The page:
A few years ago, our family completed a journey to adopt and emigrate our son from South Africa. This process took over four years and included custody, name changes, countless documents, and finally culminated in him receiving his U.S. citizenship and passport.

My son’s identity has changed. He has a new name, a new country, and a new family heritage.

This does not change his story. Where he came from will always be a part of his life, but how he is known is completely different.

It is this way with all of us. Our past is a part of who we are, but we have a new identity through Christ.

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Soul-ish Travel: Recognizing Invitations to Push Beyond Your Borders

I’m sorry to say it, but his beard was far more homeless than hipster. I remember sitting there as he scratched at a two-foot long monstrosity of human hair sprouting all over his face, thinking a nest of rats could make a very nice home in it. He tossed long locks over his shoulder and put his arm around his well-styled, Christian girlfriend.

Then, he said God told him to take the Nazirite vow. You know, like Samson, who got Superman-like powers in exchange for perpetually flowing locks. I’d never heard of the modern version before, but apparently this vow was all the rage amongst the super-spiritual where he came from. A bunch of hairy, young men had promised God neither scissors nor razor would come near their bodies for an entire year.

I asked him the deeper meaning behind it all. I can’t recall his specific words, but my ears heard a string of Holy Spirit jargon, making me wonder if HE didn’t even know why he was doing it.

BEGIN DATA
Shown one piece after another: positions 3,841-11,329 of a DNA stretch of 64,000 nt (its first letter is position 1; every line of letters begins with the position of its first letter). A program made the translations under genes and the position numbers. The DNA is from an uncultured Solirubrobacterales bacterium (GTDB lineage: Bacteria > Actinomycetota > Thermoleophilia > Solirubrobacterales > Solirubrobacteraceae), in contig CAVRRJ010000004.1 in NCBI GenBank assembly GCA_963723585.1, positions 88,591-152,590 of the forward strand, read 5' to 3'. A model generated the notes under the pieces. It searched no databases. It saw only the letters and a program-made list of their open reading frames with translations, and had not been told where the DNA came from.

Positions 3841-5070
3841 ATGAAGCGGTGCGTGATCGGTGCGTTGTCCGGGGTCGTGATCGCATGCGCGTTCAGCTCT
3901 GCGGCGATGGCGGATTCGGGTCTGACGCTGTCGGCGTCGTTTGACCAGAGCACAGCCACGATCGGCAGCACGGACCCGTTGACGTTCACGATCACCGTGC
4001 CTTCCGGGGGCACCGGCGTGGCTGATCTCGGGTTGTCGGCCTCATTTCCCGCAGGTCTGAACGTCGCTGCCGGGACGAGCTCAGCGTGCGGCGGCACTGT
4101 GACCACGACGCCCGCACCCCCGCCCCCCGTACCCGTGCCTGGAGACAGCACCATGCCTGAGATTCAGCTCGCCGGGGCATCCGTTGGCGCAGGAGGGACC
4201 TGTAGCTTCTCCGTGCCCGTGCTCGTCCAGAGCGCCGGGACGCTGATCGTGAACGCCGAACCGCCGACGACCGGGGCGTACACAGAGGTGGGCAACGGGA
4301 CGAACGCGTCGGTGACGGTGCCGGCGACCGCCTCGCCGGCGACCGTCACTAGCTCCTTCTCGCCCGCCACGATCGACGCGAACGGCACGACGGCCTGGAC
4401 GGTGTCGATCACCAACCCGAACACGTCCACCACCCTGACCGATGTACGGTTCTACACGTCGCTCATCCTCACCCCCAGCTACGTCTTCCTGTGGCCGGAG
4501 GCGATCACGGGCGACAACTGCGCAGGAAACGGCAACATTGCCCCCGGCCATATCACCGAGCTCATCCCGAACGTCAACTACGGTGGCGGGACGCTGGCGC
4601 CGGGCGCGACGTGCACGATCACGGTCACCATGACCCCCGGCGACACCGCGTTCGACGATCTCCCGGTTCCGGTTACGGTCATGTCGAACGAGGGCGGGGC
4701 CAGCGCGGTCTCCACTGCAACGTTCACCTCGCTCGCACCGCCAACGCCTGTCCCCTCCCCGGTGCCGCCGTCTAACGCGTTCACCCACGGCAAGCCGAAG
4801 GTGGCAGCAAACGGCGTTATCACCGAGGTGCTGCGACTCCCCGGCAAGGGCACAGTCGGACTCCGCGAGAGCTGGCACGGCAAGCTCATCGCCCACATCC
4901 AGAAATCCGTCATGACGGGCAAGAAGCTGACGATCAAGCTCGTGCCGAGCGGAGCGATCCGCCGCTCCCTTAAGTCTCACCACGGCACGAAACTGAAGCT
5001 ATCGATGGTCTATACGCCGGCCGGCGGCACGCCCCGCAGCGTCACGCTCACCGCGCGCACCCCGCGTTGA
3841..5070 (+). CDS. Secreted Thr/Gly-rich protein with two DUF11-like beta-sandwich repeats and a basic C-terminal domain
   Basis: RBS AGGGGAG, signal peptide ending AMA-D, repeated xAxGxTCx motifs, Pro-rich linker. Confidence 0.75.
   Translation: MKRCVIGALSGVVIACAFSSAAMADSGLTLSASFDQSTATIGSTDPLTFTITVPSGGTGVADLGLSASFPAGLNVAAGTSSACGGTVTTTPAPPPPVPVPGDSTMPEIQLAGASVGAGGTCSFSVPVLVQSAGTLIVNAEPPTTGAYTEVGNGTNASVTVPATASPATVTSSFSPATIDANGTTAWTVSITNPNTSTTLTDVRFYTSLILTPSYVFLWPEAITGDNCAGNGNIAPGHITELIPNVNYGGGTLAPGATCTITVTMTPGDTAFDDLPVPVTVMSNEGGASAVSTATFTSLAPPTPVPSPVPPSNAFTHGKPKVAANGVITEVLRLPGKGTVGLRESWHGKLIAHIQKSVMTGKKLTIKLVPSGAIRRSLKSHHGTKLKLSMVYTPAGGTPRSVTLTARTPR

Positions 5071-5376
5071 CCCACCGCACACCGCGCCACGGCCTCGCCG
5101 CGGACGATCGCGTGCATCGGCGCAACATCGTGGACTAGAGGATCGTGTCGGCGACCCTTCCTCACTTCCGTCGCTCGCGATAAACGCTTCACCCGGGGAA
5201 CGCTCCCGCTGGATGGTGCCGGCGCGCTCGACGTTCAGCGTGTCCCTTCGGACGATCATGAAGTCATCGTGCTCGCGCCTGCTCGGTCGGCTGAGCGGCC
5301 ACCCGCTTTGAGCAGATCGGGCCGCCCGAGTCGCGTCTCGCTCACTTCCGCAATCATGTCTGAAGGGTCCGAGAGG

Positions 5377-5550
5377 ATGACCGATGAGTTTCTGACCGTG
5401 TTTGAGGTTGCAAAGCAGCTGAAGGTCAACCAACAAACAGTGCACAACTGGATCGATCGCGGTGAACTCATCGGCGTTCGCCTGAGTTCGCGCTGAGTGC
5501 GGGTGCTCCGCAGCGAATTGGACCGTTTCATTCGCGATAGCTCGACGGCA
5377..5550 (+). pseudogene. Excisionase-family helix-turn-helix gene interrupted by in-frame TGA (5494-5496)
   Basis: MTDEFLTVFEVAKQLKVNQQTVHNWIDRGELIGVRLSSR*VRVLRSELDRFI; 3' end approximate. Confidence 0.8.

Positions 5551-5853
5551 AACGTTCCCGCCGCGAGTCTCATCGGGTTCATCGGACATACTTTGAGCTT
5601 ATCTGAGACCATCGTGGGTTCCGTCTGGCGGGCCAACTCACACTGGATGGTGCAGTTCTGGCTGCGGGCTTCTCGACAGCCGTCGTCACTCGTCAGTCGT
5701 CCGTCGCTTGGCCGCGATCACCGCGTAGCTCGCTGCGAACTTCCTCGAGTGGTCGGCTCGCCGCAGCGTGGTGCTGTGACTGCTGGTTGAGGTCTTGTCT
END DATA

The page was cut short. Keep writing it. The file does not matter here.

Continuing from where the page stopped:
If it’s not obvious already… I’ll admit it now: I judged him.
And, I was wrong.

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Wanted: Friends Who Judge

Photo Credit: Thomas Lefebvre via Unsplash cc

This post was originally published on Lindsey Lautsbaugh’s blog at http://www.thisisloveactually.com/friends-who-judge/ and is re-posted with permission.

“I don’t want to be judged, I just want to be unconditionally loved.”
“No one wants a judge; everyone wants a friend.”
“Don’t judge me!”

It is universally accepted that true friends don’t judge. They simply love, accept, and support you.

In my early twenties, I was a young, single woman in the new South Africa. I loved the adventure and possibility of living and working in this nation. I was just beginning to form friendships in a diverse community of people. One weekend at the office, only myself and one other lady were there. We were trying to get ahead on work. New students were arriving that week. We discussed tasks and ideas back and forth. We were as different as night and day and so often would not see eye to eye. As the day wore on, I was getting more and more frustrated at her lack of seeing things my way. Eventually, I got so angry I went quiet and ominously brooded around the office, physically present but ignoring her in all other ways. I would show her!

Suddenly, I could hear her chair spin around and her strong voice break the silence. “Lindsey, are you going to talk about this, or do you plan to give me the silent treatment all day? I don’t like tantrums.”

I was shocked. She was direct almost to the point of rudeness. I stumbled over my words. Feebly, I attempted to sort things out… I don’t really remember how it resolved.

Two months later, someone asked me, “Lindsey, who do you hang out with? Who do you consider your friends here in South Africa?” To my surprise, this lady’s name immediately came out of my mouth.